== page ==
“The way that we communicate about the issues to achieve clean air and clean water should be bringing our country together regardless of party registration or ideology,” he added. “This really is an issue that everyone agrees on more than anyone’s admitting. There’s a communication gap that needs to be overcome.”
Steve Valk, the group’s communication’s director, put it this way: “If you can let go of being right, you can make a difference.”
When Moyer first began engaging with Love on the climate issue, it didn’t look promising. “She was viewed as a lost cause,” he said. “Everything she said and showed on her campaign website was as friendly to the fossil fuel industry as you can imagine.”
Still, he went to a meet-the-candidates night and asked Love about climate change, and found her to be a terrific listener. Then, on a family trip to Washington, he made an appointment to talk with her environmental aide, who told Moyer that Love needed to hear from other Republicans and her constituents. So he and other volunteers helped set up the conversations and organized a town hall in her district. “We had enough of a track record that she knew we weren’t going to set her up” by packing the hall with belligerent protesters, Moyer said.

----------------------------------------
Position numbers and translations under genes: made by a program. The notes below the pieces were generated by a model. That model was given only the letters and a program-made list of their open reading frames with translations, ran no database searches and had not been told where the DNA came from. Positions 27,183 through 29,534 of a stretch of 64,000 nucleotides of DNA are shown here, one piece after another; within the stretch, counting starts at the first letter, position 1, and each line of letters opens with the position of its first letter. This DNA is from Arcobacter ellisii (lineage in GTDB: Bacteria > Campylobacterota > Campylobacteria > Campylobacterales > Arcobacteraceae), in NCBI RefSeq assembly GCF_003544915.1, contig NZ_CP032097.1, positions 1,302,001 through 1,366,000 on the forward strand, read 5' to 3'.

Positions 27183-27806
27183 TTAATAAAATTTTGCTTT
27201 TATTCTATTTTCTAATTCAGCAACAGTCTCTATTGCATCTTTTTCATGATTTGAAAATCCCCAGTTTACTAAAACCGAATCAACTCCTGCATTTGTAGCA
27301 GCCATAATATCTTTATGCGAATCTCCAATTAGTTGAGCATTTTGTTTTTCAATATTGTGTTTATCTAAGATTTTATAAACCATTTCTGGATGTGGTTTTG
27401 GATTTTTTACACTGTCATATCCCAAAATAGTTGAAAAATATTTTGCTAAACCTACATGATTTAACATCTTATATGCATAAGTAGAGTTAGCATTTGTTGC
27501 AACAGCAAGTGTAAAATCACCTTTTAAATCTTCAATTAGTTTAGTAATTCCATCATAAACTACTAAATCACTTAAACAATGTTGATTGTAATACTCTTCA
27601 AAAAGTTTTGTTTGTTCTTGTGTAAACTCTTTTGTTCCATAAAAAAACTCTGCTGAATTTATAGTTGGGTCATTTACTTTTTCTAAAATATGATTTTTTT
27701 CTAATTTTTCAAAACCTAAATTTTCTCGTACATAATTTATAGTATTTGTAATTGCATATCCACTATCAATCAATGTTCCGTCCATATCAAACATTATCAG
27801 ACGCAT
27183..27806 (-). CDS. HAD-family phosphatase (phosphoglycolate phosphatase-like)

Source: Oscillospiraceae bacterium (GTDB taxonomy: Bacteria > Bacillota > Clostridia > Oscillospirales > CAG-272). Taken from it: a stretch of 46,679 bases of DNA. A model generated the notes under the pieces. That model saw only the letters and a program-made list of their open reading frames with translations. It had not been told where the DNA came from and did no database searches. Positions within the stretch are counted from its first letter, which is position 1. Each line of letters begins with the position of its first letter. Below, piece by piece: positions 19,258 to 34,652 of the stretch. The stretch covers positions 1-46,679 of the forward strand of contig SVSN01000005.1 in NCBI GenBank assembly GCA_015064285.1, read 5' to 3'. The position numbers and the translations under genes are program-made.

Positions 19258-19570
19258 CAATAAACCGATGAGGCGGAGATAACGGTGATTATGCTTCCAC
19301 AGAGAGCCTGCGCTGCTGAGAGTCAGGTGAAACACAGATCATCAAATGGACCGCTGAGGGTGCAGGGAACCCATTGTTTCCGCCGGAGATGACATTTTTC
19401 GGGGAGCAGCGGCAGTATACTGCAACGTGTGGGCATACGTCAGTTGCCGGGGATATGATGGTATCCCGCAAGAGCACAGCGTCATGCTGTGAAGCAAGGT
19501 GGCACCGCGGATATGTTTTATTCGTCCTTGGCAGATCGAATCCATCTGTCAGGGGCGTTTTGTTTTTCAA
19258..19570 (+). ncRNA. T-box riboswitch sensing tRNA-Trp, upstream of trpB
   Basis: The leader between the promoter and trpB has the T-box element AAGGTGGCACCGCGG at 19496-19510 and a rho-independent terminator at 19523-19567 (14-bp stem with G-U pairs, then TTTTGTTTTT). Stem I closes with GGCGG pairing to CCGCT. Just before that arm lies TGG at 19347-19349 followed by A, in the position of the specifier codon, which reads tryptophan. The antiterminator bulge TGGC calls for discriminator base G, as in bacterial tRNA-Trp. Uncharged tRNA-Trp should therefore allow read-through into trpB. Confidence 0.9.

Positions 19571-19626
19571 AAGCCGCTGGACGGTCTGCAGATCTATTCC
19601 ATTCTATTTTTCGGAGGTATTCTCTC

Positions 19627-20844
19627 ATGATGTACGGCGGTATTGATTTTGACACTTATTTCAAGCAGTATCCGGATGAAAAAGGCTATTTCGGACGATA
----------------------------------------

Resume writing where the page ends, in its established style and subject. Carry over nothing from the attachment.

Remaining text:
This mode of engagement created the rapport to discuss policy details. “Their attitude and tactics were very respectful,” Love said. “They come in and they say this is a problem that we have and we’re wondering if you can help us solve this problem — instead of you’re the problem.” She added, “It not only changed my mind about my involvement, but really changed my heart about what we should be doing.” Love joined the Climate Solutions Caucus this past December.